Family of British-Australian detainee in Iran hoping for safe return

The family of a British-Australian woman being detained in an Iranian jail has said they hope she will be able to return home soon.

Jolie King was arrested 10 weeks ago along with her Australian boyfriend Mark Firkin.

They had allegedly been flying a drone without a licence, according to a Persian TV report.

The couple resigned from their jobs in mid-2017, according to Australian media reports, and embarked on a two-year drive through 36 countries to reach the UK.

They had been documenting their journey on social media.

In a statement, their relatives said: “Our families hope to see Mark and Jolie safely home as soon as possible.”

They also requested privacy and said they would not be making any further comment.

The Times cited a source on Wednesday as saying Ms King had been told by Iranian authorities that she was being held as part of a plan to facilitate a prisoner swap with Australia.

Ms King, a building designer, is being held in Tehran’s Evin jail.

It is the same prison where British-Iranian mother Nazanin Zaghari-Ratcliffe has been since 2016 on spying charges.

Her husband Richard Ratcliffe said he had met Foreign Secretary Dominic Raab a couple of weeks ago and warned him there had been an escalation in foreign nationals being detained in Iran to be used as diplomatic bargaining chips.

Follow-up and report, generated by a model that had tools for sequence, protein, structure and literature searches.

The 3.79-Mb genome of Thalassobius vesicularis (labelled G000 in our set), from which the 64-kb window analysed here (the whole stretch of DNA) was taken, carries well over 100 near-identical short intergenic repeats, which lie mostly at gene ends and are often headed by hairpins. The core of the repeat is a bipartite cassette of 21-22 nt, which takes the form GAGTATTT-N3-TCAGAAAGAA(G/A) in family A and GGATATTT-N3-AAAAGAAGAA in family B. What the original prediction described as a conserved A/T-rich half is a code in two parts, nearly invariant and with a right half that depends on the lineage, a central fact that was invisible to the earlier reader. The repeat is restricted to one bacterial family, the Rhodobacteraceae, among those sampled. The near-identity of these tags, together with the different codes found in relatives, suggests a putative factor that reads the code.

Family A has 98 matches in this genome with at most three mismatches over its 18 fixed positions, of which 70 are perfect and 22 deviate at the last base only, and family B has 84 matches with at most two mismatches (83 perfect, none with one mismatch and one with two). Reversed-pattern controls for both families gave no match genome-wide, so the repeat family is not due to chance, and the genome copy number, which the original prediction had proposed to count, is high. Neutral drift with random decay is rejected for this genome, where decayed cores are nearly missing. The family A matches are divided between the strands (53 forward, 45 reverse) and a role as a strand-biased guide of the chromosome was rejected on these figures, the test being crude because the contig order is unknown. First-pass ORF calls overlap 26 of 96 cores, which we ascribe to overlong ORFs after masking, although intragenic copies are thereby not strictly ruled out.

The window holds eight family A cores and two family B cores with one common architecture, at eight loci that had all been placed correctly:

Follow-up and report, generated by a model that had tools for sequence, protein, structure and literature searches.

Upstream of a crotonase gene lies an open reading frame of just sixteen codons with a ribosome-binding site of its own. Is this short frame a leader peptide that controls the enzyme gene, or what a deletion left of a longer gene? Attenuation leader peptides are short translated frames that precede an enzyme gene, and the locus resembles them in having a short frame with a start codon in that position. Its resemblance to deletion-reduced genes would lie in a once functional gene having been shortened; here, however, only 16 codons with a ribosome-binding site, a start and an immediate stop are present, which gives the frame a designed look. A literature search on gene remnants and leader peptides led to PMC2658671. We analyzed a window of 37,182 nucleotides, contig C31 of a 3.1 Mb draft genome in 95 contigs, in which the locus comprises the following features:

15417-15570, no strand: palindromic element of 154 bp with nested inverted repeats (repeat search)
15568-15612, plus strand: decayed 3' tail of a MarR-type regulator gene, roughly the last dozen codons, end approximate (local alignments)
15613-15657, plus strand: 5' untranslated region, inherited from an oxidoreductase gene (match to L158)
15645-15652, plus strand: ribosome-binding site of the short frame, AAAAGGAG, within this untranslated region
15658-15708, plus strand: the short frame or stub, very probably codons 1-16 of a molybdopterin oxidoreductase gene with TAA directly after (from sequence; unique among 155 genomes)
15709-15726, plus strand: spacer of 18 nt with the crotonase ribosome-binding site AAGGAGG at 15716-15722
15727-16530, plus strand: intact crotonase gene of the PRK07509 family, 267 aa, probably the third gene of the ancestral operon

“More people are being taken and the government needs to do a better job at protecting ordinary people from being held and used as chess pieces in this way,” he told Sky News.

In a message to the families of Ms King and Mr Firkin, he said: “My heart goes out to you – it’s a terrible situation to be involved in.”

Another woman, reportedly a lecturer at an Australian university, has been held in the jail for almost a year but her citizenship and situation are unclear.

The arrests come amid a souring in relations between Britain and Iran, after issues such as the seizure by the Royal Marines in July of an Iranian oil tanker near Gibraltar.

Two weeks later, the British-flagged oil tanker Stena Impero was seized by Iran for alleged marine violations in the Strait of Hormuz. Seven of the Swedish-owned vessel’s 23-strong crew members have since been released.

A spokesperson for the Foreign and Commonwealth Office said on Wednesday: “The foreign secretary met the Iranian ambassador this morning and raised serious concerns about the number of dual national citizens detained by Iran and their conditions of detention.”

The FCO has been warning dual Iranian citizens not to travel to Iran, but news of the arrests is likely to raise questions about the level of danger to travellers of other nationalities too.

Its travel advice for Iran currently says: “There is a risk that British nationals, and a higher risk that British-Iranian dual nationals, could be arbitrarily detained in Iran.

“All British nationals should consider carefully the risks of travelling to Iran.”

A spokesperson for Australia’s Department of Foreign Affairs said: “The Department of Foreign Affairs and Trade is providing consular assistance to the families of three Australians detained in Iran.

“Due to our privacy obligations, we will not comment further.”

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